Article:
Posts filed under ‘Gadgets and Toys’

How to Increase Mobile Phone Battery Life

By Chad Upton | Editor

Sometimes, you’re far from your charger and won’t be back anytime soon. Here are some tips to extend your battery when it’s running low.

Not all of these tips will apply to all phones, so use the ones that match the features on your phone. If your phone, camera or other gadgets frequently run out of power while you’re away from an outlet, consider an economical backup battery charger.

Turn Off 3G and Data

Most data capable phones can operate in different modes. If you turn off the high-speed wireless data mode, such as 3G, you will significantly reduce the power your phone consumes. This is the single biggest thing I find affects battery consumption.

Dim the Screen

The screen’s backlight uses a lot of power, keeping it off as much as possible will extend battery life. On the iPhone, press the top button, on many BlackBerrys, press ALT + ENTER to lock the keyboard and shutoff the screen. If your phone has an option to adjust the brightness, dim it. If it has auto-brightness, enable it. If you can set an “auto off” time then set it to the shortest time allowed.

Text Message Instead of Calling

If you can get away with communicating by text message, this can save power too. Although, it does require your screen, so short messages are better. These messages are embedded in the signals that your phone is already sending and receiving to normally communicate with the mobile network, even when you’re not using the phone, so it’s a very efficient way to communicate.

Turn Wifi and Bluetooth Off

Wifi and Bluetooth are great conveniences, but when you’re away from your charger and worried about losing phone capabilities, they’re a luxury that can go. Most phones with these features, have an option to disable them.

Don’t Play Games or Music

Well designed mobile phone processors have a low power mode that sips power when the phone is waiting for incoming calls in standby mode. Playing games requires the processor to work at its limit, which requires a lot more energy than standby mode. The same goes for playing music, especially if they’re compressed, high bit-rate or encrypted or drm protected music files — extra processing is needed to process these files and power the headphones or internal speaker.

Stop Background Apps

Some background apps use more power than others, it really comes down to the hardware in the phone the app is using (ex GPS) and how processor intensive the activity is.

Generally, if you’re trying to save power, closing the apps you don’t need can save power. This mostly applies to BlackBerry, Android and Windows Mobile devices.

It isn’t as important on iPhone since background apps aren’t true background apps, they have limited capabilities and therefore don’t consume a significant amount of battery power. That said, if you have a GPS tracking, VOIP or a music playing app running in the background, it could use significant amounts of power over long periods of time and it should be closed.

If you have any other ideas, drop them in the comments. Thanks to Kraig Brachman for suggesting this secret.

Broken Secrets

Subscribe on: Facebook | Twitter | Kindle

August 4, 2010 at 5:00 am 58 comments

Inactive Cell Phones Can Still Call 911

Over half of 911 calls originate from cell phones. This number will only increase as traditional phone service declines and cell phone adoption rates continue to rise.

In the US and Canada, wireless phone operators are required by law to connect all calls to 911 services, whether the customer account is active, past due or even canceled.

Even if you don’t need a wireless phone for your social life, it may be a good idea to keep an old phone in your glove box in case of an emergency. There is even an organization called AmericanCellPhoneDrive.org where you can donate an old phone or request a free phone for this exact purpose.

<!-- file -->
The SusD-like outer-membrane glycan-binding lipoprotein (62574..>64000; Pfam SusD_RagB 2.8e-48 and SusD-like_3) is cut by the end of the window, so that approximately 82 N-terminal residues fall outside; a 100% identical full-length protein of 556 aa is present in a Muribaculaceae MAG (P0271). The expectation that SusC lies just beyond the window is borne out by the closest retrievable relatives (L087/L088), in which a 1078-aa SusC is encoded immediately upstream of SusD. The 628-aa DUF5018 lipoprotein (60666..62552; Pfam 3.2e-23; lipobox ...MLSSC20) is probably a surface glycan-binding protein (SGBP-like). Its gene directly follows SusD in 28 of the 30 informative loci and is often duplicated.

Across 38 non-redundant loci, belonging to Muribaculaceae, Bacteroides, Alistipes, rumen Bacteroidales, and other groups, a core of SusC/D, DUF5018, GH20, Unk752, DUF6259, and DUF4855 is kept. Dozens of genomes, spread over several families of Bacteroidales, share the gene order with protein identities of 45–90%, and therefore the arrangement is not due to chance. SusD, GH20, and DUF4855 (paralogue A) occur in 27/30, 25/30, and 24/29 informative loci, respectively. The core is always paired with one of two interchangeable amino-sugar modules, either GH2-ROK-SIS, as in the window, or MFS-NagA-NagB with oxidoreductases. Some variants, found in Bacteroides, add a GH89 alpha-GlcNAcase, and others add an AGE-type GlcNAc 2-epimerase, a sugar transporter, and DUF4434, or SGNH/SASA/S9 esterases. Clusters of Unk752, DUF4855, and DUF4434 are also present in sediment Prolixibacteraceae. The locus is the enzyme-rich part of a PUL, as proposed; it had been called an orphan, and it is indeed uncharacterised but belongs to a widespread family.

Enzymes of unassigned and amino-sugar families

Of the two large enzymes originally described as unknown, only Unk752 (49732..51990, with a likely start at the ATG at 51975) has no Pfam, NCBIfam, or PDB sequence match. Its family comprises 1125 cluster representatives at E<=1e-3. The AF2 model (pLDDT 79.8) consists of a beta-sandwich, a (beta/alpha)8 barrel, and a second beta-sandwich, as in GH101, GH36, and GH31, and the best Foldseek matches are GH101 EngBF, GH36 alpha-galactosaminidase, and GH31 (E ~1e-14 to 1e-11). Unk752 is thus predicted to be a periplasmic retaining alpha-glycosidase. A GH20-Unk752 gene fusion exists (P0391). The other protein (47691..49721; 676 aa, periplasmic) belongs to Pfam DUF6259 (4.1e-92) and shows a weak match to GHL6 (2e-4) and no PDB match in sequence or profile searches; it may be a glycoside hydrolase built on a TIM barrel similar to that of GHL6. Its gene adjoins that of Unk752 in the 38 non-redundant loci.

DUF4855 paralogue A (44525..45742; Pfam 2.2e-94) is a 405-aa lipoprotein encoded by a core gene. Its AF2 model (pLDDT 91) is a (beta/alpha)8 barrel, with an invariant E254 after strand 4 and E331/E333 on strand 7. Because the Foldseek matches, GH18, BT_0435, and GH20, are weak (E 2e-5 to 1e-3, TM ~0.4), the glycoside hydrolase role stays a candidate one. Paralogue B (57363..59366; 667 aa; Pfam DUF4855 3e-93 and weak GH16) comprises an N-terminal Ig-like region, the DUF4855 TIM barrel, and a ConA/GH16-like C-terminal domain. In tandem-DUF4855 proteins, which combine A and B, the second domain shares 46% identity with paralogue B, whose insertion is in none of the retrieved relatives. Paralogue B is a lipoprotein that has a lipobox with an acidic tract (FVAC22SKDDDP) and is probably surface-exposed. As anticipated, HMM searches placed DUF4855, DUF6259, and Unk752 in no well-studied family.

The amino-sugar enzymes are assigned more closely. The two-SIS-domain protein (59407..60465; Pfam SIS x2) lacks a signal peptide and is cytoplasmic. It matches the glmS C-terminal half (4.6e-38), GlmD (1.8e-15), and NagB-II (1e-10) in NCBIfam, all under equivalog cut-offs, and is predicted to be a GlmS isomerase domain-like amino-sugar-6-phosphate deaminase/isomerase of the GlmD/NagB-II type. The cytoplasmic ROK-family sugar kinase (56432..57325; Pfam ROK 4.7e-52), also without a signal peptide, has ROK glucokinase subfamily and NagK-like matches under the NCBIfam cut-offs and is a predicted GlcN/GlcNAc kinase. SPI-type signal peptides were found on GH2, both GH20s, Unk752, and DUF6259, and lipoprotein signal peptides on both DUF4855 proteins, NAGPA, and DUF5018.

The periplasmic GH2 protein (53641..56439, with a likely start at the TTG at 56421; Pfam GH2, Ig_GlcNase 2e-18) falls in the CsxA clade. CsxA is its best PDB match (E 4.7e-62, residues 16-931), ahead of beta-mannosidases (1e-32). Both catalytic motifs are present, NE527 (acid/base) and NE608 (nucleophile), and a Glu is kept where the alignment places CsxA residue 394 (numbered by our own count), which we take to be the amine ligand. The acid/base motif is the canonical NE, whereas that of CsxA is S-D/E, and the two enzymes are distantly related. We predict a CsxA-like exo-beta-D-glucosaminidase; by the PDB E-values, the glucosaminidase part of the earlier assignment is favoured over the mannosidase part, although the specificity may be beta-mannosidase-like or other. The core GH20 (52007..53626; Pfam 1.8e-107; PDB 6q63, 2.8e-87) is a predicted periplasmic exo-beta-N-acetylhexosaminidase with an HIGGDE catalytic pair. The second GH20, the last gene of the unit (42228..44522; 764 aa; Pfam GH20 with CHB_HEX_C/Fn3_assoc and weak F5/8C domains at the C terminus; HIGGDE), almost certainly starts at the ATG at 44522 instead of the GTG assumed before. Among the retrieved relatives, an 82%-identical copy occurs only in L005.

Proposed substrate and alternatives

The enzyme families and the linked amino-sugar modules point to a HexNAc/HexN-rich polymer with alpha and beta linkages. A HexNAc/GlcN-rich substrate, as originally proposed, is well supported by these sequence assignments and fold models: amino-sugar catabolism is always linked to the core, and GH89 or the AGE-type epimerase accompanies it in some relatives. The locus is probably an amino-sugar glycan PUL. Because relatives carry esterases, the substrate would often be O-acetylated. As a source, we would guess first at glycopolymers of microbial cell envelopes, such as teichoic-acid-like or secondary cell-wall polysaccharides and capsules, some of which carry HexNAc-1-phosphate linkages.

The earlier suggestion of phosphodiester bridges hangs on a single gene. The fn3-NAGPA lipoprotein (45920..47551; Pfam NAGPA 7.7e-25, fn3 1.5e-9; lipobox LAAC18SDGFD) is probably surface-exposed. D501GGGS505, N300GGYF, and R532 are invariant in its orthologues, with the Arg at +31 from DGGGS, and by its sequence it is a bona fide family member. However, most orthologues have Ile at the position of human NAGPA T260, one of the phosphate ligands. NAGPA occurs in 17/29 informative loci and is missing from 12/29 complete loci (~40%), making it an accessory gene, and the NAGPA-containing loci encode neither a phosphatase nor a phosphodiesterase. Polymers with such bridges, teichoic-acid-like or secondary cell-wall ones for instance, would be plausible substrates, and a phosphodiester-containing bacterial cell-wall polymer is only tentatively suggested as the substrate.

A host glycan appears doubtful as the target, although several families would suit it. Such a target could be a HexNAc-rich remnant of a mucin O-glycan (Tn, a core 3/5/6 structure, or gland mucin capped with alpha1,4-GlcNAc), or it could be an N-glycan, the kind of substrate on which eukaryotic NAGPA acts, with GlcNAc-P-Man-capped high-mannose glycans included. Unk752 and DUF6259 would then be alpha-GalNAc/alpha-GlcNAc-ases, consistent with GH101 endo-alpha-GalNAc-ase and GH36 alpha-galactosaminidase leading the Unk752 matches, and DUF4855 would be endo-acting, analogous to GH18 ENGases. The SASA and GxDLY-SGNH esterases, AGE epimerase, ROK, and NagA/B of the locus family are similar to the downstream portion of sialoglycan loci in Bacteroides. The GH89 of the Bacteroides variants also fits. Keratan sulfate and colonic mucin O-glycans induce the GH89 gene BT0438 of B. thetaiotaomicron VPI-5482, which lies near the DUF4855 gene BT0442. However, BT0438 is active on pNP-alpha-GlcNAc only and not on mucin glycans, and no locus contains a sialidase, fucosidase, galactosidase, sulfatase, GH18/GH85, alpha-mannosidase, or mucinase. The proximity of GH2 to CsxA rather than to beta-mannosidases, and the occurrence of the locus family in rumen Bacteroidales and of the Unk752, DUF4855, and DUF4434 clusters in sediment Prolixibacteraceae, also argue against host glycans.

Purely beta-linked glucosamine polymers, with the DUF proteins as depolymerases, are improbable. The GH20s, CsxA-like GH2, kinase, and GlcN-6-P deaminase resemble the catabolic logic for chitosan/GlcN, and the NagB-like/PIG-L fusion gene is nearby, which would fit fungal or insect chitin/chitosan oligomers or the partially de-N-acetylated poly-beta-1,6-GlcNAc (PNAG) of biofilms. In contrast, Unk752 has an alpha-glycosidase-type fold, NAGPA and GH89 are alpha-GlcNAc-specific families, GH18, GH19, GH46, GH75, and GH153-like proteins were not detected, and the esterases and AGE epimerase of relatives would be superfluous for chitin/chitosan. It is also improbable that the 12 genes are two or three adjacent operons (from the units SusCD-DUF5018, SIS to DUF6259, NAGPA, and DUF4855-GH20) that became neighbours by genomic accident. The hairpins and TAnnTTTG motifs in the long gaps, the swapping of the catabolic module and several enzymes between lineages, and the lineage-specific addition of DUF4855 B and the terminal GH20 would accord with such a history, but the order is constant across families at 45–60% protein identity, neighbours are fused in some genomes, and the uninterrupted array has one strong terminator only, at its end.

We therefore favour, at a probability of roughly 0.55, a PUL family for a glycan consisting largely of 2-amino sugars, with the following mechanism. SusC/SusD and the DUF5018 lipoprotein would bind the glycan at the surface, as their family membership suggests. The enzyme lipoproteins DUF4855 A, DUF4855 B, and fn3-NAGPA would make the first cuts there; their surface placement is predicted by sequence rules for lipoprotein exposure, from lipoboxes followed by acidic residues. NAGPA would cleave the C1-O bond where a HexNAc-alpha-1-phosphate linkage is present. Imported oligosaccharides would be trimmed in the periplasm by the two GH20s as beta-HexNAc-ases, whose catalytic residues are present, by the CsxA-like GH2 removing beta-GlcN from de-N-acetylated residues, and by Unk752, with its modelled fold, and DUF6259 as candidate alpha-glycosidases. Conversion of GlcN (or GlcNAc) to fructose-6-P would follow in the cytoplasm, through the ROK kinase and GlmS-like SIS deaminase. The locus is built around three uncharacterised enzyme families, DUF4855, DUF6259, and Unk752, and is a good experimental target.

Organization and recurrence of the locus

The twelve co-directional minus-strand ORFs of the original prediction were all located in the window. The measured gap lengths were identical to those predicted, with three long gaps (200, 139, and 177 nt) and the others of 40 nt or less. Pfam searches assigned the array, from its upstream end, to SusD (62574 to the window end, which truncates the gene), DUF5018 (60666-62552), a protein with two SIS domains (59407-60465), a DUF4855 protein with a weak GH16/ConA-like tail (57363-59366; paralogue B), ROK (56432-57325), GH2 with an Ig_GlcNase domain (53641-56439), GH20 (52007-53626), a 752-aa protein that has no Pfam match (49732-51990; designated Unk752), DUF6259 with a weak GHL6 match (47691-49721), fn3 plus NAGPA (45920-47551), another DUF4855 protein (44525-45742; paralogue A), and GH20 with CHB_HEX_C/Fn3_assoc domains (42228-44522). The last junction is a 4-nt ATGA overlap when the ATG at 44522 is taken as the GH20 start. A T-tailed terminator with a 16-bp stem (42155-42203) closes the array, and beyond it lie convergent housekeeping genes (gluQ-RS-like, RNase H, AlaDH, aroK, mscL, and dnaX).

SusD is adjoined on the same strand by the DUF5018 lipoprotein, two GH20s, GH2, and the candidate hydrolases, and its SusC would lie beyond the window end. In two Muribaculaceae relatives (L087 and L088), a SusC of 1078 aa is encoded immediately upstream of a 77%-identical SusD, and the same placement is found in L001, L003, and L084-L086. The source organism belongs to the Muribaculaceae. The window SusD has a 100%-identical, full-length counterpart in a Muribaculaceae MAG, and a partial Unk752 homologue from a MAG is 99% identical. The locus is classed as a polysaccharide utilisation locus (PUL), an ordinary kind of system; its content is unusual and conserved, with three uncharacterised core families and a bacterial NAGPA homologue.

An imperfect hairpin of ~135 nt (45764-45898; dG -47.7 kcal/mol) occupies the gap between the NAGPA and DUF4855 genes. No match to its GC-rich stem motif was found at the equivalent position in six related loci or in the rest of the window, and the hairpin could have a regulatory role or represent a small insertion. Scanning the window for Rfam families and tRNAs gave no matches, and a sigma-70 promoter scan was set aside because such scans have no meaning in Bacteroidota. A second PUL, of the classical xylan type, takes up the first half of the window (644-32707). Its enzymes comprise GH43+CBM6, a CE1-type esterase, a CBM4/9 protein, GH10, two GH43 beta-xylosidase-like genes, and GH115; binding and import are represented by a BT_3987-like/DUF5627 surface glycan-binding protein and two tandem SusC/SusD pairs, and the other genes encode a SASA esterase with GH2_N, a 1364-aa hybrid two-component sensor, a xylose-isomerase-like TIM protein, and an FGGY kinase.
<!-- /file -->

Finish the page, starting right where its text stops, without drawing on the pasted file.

If you have a disabled phone without a service contract and want to use it for 911 service, you may want to test it. DO NOT just dial 911 to test it, they will likely send help, even if you say it was just a test. The proper way to test 911 service is to call the non-emergency number for your local public safety answering point (PSAP) office and schedule a 911 test. That way, they will be expecting your call and know for sure that it is a test. In the US, there is a list of non-emergency contact numbers for PSAPs listed here.

When you call 911, you should be aware that your location will also be transmitted to the operator.

Some cell phones have built in GPS receivers, allowing them to receive radio signals from space and accurately determine a very precise location on earth. But, GPS is rarely available when indoors and obviously many calls originate indoors. Calls to 911 may not use GPS location data, because the phone does not support it or because a GPS signal cannot be found (typical when indoors).

When GPS is not available, the wireless provider can get a fairly accurate location of the phone by analyzing it’s signal and the location of the towers that are receiving it. Current regulations require that a phone carrier can pinpoint a cell phone within 300-600 meters, depending on the technology the phone is using. By 2012, phone carriers should be able to pinpoint you location within 50-300 meters.

Broken Secrets | By: Chad Upton

Secrets on: Facebook | Twitter | Kindle

Sources: 911 Wireless Service, FCC

May 25, 2010 at 5:00 am 7 comments

Free Text Messaging on iPhone and iPod Touch

By Chad Upton | Editor

Update: After many problems with PingChat!, I’d be hesitant to recommend it any longer. WhatsApp seems to be the best alternative at this time. It’s available for iOS, Android, Blackberry and Nokia (Symbian).

I know this is pretty specific to iPhone and iPod touch users, but with 50 million iPhones sold and 35 million iPod touches, there are 85 million of you out there.

Ever since the introduction of the iPhone 3GS and the 3.0 Operating System last year, push notifications have been available to iPhone users. Basically, these are real time messages that can be sent to your phone from Apple’s notification server.

The best part about these messages is that they’re free and your iPhone or iPod touch can be on standby or in any application when you receive them.

There are lots of applications (“apps”) that use this feature. For example, the facebook app (free) will buzz your phone with a notification when someone sends you a message or comments on a photo…etc.